– Anita Bartholomew

UPDATE: My colleague, George Sheldon, pointed out that, on the Kindle 2, you can read Word documents, not just documents prepared in Kindle’s proprietary format, and the device has the ability to convert other formats to its own. Like Sony, it can access Project Gutenberg public domain books.

March 6, 2009

Barnes&Noble to challenge Amazon in ebooks

Barnes&Noble is buying Fictionwise, an ebook seller that will allow it to open an ebook store and go head-to-head against Amazon in the ebook business.

It’s a smart move. Amazon just announced that its Kindle application will be available on the iPhone. But Fictionwise, the new B&N acquisition, is already available on iPhones, on which it offers thousands of titles.

And, unlike Kindle titles, which require using Kindle as the application, either on the Kindle device or a supported iPhone or iPod, Fictionwise titles can be read on a variety of applications and devices. That means that there are fewer limits on its expansion. Amazon has tried, in every area where it’s become the leader, to crowd out the competition. When it comes to technology, however, if history is any guide, you want an application to be broadly adopted across platforms, not limited to a few.

February 16, 2009

Coming in January 2010: the Kindle killer

I’m delighted to learn that a new e-reader  is being developed: a super-thin, lightweight device with a large enough screen that you will be able to read a full magazine page without scrolling.

It’s not that I plan to rush out and buy one. I like my paper books just fine. But, if ebooks are the future, I don’t want a proprietary system from Amazon to become the de facto monopoly distribution system.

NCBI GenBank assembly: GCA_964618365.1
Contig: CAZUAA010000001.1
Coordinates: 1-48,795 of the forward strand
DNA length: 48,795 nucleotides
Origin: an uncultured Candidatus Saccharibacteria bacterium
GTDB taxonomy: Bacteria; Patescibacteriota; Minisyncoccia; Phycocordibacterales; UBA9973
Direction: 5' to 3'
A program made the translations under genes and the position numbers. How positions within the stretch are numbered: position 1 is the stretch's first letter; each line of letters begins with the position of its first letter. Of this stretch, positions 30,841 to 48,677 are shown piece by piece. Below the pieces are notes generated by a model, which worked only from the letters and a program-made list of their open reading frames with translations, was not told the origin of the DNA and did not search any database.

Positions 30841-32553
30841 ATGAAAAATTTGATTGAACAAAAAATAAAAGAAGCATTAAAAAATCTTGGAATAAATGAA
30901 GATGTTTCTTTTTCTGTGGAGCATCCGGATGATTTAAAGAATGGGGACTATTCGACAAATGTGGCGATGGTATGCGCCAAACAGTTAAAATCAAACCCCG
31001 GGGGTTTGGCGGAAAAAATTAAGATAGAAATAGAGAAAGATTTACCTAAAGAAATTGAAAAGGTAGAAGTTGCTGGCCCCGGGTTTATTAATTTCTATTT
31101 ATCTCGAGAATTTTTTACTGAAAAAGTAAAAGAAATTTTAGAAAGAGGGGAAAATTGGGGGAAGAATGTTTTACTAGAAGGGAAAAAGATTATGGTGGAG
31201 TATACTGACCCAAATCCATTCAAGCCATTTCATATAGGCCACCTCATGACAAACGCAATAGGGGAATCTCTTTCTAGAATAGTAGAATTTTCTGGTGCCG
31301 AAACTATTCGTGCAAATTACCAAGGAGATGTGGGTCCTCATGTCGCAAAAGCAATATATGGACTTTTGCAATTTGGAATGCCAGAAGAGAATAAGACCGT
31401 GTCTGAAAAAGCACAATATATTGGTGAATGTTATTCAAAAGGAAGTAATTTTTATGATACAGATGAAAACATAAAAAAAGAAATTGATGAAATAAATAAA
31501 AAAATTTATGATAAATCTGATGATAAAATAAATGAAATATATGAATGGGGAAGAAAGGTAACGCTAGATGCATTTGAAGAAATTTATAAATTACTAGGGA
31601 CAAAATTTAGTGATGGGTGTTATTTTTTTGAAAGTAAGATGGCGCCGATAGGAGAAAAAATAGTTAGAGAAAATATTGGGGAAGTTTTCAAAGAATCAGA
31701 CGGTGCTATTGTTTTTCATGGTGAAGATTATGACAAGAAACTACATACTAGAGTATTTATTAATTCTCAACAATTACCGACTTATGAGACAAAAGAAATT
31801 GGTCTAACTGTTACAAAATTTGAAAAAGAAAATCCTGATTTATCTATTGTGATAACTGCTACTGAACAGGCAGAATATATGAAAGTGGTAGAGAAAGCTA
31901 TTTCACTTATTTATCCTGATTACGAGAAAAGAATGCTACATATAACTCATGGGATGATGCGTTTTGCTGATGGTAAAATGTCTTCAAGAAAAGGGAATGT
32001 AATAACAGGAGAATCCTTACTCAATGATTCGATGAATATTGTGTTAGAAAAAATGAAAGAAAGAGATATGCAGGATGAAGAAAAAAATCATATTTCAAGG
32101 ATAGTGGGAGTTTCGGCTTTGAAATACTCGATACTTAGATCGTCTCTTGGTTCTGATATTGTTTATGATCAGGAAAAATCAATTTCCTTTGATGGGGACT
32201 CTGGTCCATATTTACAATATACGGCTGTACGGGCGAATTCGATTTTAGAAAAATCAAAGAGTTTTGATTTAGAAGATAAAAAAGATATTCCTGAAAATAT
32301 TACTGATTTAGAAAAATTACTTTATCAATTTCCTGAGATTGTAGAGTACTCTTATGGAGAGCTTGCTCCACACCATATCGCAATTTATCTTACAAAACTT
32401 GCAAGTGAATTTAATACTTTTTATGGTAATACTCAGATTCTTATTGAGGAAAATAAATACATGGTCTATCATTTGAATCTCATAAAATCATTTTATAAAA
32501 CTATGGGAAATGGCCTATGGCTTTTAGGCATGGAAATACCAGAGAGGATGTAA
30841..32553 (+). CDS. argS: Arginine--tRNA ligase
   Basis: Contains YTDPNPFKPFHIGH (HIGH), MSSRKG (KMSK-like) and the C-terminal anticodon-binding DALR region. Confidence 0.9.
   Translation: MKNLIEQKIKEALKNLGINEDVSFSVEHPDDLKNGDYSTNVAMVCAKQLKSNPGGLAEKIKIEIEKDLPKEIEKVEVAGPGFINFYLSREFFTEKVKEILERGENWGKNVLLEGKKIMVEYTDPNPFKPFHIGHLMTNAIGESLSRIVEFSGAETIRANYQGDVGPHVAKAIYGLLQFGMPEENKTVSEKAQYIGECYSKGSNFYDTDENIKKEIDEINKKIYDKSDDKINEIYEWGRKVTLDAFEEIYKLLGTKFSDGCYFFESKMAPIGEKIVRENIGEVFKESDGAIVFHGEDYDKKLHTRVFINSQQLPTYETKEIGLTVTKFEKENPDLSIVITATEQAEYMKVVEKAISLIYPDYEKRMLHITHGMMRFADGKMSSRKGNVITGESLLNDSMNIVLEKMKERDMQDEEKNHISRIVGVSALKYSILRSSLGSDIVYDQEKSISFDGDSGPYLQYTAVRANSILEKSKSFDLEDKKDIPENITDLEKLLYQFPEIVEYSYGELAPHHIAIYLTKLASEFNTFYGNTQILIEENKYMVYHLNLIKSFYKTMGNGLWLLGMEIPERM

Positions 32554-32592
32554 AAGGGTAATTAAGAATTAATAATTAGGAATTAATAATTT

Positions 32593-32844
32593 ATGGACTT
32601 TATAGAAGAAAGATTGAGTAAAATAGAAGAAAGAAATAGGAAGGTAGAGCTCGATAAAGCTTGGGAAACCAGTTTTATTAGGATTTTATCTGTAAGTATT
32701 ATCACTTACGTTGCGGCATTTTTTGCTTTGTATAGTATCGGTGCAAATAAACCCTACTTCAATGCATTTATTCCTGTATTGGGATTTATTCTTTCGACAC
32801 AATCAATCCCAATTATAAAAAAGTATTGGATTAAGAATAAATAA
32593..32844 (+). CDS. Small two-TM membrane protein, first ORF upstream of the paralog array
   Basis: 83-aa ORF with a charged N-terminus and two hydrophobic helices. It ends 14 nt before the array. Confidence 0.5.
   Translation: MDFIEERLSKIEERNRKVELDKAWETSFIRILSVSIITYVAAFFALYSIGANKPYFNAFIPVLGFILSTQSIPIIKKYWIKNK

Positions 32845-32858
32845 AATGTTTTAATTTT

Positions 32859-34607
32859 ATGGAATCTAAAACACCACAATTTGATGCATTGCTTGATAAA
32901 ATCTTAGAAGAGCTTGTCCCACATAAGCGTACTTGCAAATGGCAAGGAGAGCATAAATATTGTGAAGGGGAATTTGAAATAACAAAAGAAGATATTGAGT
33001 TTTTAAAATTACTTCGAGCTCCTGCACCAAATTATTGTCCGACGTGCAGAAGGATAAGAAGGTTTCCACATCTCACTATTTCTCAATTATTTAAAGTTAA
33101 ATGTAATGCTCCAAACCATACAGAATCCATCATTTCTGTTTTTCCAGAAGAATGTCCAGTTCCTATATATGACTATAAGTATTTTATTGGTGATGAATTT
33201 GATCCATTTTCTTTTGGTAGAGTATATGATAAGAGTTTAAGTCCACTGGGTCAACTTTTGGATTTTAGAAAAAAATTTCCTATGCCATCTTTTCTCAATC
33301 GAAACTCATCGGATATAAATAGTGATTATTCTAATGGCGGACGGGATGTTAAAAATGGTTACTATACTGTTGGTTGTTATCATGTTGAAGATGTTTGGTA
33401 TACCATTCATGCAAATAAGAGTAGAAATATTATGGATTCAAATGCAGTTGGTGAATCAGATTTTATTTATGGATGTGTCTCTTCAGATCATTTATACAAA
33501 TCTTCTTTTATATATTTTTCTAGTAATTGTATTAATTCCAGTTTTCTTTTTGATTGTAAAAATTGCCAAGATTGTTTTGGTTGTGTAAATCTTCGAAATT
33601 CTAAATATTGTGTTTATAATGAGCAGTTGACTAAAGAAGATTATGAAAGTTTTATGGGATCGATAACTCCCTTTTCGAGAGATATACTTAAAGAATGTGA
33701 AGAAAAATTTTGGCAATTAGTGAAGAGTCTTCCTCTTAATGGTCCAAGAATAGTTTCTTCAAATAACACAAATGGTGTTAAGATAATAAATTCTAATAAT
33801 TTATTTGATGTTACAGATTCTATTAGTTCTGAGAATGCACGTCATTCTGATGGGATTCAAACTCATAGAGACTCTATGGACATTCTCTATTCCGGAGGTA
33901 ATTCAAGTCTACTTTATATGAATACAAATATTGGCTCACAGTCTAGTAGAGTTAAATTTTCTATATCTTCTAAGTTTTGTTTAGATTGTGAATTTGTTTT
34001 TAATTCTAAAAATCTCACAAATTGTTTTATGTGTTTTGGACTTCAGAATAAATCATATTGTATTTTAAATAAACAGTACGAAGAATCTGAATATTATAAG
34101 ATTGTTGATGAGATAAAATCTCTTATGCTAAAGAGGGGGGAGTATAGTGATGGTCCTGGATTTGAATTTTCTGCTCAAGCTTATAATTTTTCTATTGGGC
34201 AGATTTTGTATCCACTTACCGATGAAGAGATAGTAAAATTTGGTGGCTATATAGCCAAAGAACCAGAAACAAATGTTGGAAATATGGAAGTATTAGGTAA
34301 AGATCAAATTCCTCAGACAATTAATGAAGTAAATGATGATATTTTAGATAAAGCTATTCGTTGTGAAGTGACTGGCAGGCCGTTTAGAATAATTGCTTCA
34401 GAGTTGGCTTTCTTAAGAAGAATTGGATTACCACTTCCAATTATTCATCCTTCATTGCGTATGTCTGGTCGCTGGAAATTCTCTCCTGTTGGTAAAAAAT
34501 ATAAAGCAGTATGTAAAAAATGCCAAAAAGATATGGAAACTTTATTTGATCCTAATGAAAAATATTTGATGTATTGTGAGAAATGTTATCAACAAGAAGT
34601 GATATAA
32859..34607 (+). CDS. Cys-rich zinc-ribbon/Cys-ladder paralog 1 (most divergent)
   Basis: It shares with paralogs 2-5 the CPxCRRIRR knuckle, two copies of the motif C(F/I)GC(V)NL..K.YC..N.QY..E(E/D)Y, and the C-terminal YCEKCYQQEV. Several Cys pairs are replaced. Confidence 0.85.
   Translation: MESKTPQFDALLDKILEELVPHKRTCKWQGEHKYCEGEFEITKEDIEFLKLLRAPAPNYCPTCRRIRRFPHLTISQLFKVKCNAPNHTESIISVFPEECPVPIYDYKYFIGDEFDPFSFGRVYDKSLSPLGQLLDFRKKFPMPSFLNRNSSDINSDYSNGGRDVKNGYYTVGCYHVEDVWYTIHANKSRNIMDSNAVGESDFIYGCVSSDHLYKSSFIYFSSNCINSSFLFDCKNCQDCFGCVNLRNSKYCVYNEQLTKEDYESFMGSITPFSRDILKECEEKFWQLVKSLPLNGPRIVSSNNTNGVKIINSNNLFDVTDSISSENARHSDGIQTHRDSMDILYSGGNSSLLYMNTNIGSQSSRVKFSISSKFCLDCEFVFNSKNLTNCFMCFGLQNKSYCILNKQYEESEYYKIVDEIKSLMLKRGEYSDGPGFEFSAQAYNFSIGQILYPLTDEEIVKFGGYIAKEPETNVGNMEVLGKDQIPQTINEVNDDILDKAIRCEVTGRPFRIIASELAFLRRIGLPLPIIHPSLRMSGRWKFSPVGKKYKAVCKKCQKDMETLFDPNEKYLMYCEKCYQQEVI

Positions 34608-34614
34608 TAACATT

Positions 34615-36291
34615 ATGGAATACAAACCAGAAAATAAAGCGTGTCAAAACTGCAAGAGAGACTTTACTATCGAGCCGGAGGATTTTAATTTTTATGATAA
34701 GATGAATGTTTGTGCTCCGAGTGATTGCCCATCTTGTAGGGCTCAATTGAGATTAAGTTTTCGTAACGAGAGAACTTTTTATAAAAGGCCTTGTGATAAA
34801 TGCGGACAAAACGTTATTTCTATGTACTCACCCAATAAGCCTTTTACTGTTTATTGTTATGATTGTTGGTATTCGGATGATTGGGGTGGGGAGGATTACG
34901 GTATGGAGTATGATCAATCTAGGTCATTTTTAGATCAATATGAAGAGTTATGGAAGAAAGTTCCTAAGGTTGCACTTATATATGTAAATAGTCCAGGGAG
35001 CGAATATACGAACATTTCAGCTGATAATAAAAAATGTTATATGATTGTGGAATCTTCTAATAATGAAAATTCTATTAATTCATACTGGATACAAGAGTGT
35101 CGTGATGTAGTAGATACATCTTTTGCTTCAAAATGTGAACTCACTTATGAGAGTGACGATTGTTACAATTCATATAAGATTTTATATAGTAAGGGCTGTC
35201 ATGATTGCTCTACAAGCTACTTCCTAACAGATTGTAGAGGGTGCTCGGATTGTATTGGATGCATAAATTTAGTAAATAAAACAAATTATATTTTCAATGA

We’ve seen what happens when Amazon is in position to strong-arm
publishers on traditionally printed
and POD books.

This device will be open source — meaning that you won’t be limited to reading text in a system owned by the e-reader’s makers, which is now the case with the Kindle. It will handle Word, pdf, and other documents, and it will cost about what Kindle costs.

January 30, 2009

Amazon sales are up — good news for writers?

Amazon is doing well at a time when just about every other business is tanking.

Some highlights from its announcement:

  • North America segment sales, representing the Company’s U.S. and Canadian sites, were $3.63 billion, up 18% from fourth quarter 2007.
  • International segment sales, representing the Company’s U.K., German, Japanese, French and Chinese sites, were $3.07 billion, up 19% from fourth quarter 2007. Excluding the unfavorable impact from year-over-year changes in foreign exchange rates throughout the quarter, International sales grew 31%.
  • Worldwide Media sales grew 9% to $3.64 billion, compared with $3.33 billion in fourth quarter 2007.
  • One has to wonder how much of its success is due to business practices that have the potential to harm publishers, writers, and others in the business. For example, it recently strong-armed publishers into either using Amazon’s print-on-demand services or forfeit “buy now” selling opportunities with the online retailer. (Without the “buy now” button, publishers have to compete with sellers of used copies and don’t qualify for the free shipping that makes Amazon so attractive to buyers). That move prompted a class action lawsuit.

    Amazon also demands higher than customary discounts from publishers, which cut into the profits of both publishing company and author. Protest and Amazon, again, cuts off the “buy now” opportunity to buy a publisher’s books. It also drops such publishers from its promotions.

    Now, Amazon, distributor of the Kindle e-book reader, has decided not to carry any e-books except those that use the Kindle proprietary format. It’s a move, like the others, designed to cut off competition.

    So, is Amazon’s success good news for writers? Not if Amazon continues to strangle competition and force publishers and others to accept its terms or take a hike. It would be far better for the industry if there were several online booksellers thriving — and giving book buyers a multitude of choices.